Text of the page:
Microsoft’s Kinect motion sensor was used in our school for special needs education to improve students’ motor skills. The students describe their own movement problems , experienced in real life situations. Improving their motor skills is part of increasing autonomy and citizenship inside and outside school situations. Students who participated in our project, experienced dynamic balance problems (‘I often fall when I play outside’) and physical fitness problems (‘I get quickly out of breath when I play soccer with my friends’)
Stated objectives/research questions:
1) What is the effect of training dynamic balance and physical fitness with the Kinect?
2) Does working with the Kinect improve motivation for motor learning?
Design of the learning environment
The available games for Kinect were selected on suitability for physical fitness- and balance training for our students. Students trained their skills with the Kinect during a period of 15 weeks. Physical fitness training was provided twice a week. Balance training was provided once a week. The balance-exercises could be made more difficult by standing on a balance board.
Students plan their work by choosing to train the motor skills they need in every day life. They play the Kinect games that are most similar to their own real world problems and they reflect on the learning process through feedback given by the Kinect . Once a student is used to learn, using the Kinect, little supervision is needed.
Example of planning and self regulation: A student wants to play tennis in real life, but experiences postural balance problems. She describes the problem and chooses a Kinect tennis game to learn the necessary movements . She can choose to play the game alone or to collaborate with another student or teacher. While participating in the virtual game the student sees her own movements as movements in the game. After each game she can view her own recorded performances and this facilitates self reflection. The types of feedback, given by the Kinect, facilitate appropriate motor planning and self reflection. The student gains knowledge concerning the trained motor skills and develops better judgement on his/her competence (= perceived competence). Generalization of the learned skills to ‘real world’ situations is plausible because the skills were trained in an implicit way.
Knowledge building & critical thinking
The student gains knowledge concerning his/her own motor skills, but also concerning psychological aspects like perceived competence, increased confidence and self-esteem. Self-reflection is an important tool for critical thinking, facilitated by the way feedback is given by the Kinect.
Evidence of Learning
Kinect has really changed the way students experience education! In our school this type of ICT application has proven to be very useful to train motor skills as part of the curriculum in special needs education. Kinect has several features which make it suitable for students with physical disabilities. First of all: the students don’t need a controller! Every movement the student makes is a movement in the game. This technology invites students to move just like they would as if they were really playing the game indoors or outdoors.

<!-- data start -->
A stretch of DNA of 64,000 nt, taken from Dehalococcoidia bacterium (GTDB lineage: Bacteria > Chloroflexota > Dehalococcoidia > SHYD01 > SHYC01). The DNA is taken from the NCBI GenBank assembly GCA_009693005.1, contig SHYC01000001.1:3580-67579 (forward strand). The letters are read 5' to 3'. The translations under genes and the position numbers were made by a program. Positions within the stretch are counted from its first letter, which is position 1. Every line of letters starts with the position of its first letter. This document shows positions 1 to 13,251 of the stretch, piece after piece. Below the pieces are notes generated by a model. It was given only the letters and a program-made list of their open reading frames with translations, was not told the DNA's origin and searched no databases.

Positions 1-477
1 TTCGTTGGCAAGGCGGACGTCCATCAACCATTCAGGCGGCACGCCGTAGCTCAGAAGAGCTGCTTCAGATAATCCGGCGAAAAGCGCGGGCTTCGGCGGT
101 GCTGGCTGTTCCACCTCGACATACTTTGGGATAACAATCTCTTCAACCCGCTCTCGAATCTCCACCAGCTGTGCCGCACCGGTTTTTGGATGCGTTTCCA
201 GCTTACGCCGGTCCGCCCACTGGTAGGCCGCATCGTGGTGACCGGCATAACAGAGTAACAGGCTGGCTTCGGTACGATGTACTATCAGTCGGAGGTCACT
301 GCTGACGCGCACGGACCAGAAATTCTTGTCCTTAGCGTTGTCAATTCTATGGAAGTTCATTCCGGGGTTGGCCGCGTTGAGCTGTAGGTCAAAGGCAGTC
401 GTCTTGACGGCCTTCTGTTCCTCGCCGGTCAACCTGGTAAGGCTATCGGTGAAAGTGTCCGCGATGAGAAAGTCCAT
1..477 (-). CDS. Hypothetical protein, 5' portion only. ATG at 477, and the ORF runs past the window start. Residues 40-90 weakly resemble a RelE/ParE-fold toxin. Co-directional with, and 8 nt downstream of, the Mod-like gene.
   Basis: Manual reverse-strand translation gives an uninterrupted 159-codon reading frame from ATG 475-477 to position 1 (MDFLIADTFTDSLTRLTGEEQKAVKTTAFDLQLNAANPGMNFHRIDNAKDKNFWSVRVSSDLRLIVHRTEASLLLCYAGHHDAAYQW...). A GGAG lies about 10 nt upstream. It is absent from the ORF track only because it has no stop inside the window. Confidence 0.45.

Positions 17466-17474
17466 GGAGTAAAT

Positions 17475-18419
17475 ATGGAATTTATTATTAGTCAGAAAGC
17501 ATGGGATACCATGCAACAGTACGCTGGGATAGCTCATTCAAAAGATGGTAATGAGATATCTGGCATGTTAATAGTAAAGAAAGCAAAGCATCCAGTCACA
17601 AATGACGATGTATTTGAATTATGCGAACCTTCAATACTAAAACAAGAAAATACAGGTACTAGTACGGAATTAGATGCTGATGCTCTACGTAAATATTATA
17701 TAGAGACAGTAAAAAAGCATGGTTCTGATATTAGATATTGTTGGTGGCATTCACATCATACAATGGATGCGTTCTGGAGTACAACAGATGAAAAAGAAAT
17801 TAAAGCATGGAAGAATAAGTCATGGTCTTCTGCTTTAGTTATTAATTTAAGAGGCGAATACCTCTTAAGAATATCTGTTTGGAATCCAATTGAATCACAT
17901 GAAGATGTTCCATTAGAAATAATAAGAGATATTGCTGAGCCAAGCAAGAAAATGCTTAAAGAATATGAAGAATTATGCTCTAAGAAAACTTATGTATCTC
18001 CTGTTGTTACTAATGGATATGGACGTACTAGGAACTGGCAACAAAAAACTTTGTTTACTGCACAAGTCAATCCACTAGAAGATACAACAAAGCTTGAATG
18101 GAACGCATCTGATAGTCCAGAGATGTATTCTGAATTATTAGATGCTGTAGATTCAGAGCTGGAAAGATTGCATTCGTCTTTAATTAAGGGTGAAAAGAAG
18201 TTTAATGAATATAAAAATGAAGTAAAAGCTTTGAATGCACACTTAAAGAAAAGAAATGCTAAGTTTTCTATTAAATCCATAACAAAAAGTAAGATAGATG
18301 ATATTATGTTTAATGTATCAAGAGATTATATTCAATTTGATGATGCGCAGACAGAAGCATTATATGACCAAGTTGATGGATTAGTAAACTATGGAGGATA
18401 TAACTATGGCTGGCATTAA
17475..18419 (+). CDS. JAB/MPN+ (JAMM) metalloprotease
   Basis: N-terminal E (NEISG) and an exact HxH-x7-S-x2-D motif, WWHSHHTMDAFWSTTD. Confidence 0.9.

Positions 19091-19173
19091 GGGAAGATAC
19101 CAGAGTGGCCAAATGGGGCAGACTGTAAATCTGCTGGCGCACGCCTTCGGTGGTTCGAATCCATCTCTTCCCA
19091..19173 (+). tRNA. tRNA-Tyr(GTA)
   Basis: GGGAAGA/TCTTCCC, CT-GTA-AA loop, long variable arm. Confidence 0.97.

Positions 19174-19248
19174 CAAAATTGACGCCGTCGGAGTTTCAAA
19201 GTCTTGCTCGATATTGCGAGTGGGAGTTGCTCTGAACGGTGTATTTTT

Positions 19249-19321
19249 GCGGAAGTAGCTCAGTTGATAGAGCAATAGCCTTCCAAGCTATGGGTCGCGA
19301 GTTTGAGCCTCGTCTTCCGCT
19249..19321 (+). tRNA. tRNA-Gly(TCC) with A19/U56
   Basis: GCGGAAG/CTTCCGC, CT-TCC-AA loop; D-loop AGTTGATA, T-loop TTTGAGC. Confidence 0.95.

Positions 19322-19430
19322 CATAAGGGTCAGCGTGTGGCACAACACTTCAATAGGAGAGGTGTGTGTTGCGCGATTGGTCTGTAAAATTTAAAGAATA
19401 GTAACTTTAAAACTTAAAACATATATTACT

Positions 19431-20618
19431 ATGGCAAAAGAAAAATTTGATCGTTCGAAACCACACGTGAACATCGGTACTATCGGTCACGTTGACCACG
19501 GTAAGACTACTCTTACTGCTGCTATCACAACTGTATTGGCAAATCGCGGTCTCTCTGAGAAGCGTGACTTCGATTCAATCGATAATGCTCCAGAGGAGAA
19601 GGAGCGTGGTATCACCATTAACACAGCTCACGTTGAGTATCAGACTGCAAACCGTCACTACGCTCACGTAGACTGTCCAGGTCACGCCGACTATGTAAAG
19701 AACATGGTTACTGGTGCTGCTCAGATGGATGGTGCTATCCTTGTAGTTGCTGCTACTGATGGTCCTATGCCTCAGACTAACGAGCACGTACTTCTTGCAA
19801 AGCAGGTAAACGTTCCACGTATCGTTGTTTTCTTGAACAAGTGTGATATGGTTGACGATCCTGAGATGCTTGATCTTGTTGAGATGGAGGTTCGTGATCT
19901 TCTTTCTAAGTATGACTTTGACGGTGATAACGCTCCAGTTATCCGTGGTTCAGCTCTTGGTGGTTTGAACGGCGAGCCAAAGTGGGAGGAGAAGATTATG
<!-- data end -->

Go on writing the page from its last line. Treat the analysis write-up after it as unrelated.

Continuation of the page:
Our students have poor fine motor skills. Fine motor skills are necessary when using a regular controller, but the Kinect-games are controlled by our own body movements. The type of feedback, given by the Kinect through pictures and video’s of the student, offers the student information to asses his/her own performance. This provides a basis for improvement.
The use of Kinect technology makes it possible to learn new movements in a natural way (at a subconscious level). This ‘implicit motor learning’ will increase the learning outcomes and when motor skills are trained in an implicit way they generalize to ‘real life’ situations more easily. Learning by using Kinect results not only in more fun and motivation, but also ensures a longer attention span, which is often lacking in students in special needs education. It also suits the interest in gaming and lifestyle of this age group.
Learning outcomes/research outcomes
1) Significant improvement of balance (measured with the Movement-ABC test), and significant improvement of physical fitness (measured with the Shuttle-run GMFCS-1 test)
2) Significant increase in motivation (measured with motivation questionaire)
Extended learning beyond the classroom
The learning activities, which are trained with the Kinect, are based on motor problems experienced by the students in real life situations. The main goal is to implement the acquired skills in every day life outside the classroom. This will result in increased autonomy and citizenship of the student.
Kinect technology makes it possible to train motor skills in almost ‘real life’ situations and to learn new movements at an automatic level (subconscious level). Futhermore, the motor skills are trained in a implicit way so they generalize to ‘real life’ situations more easily, as we know from scientific literature.
Some Kinect games require collaboration between students. They have to negotiate and plan together whether they, for example, go left or right and whether they jump together to achieve their goal. When the game is completed, the students discuss the results together, based on the feedback from the Kinect. Collaboration with the teacher often takes place as well. The teacher can make the exercise harder or easier by standing on the balance board together. The collaboration trained inside the school situation will help the students to be more cooperative when playing outside with their peers.
DUTCH presentation of the project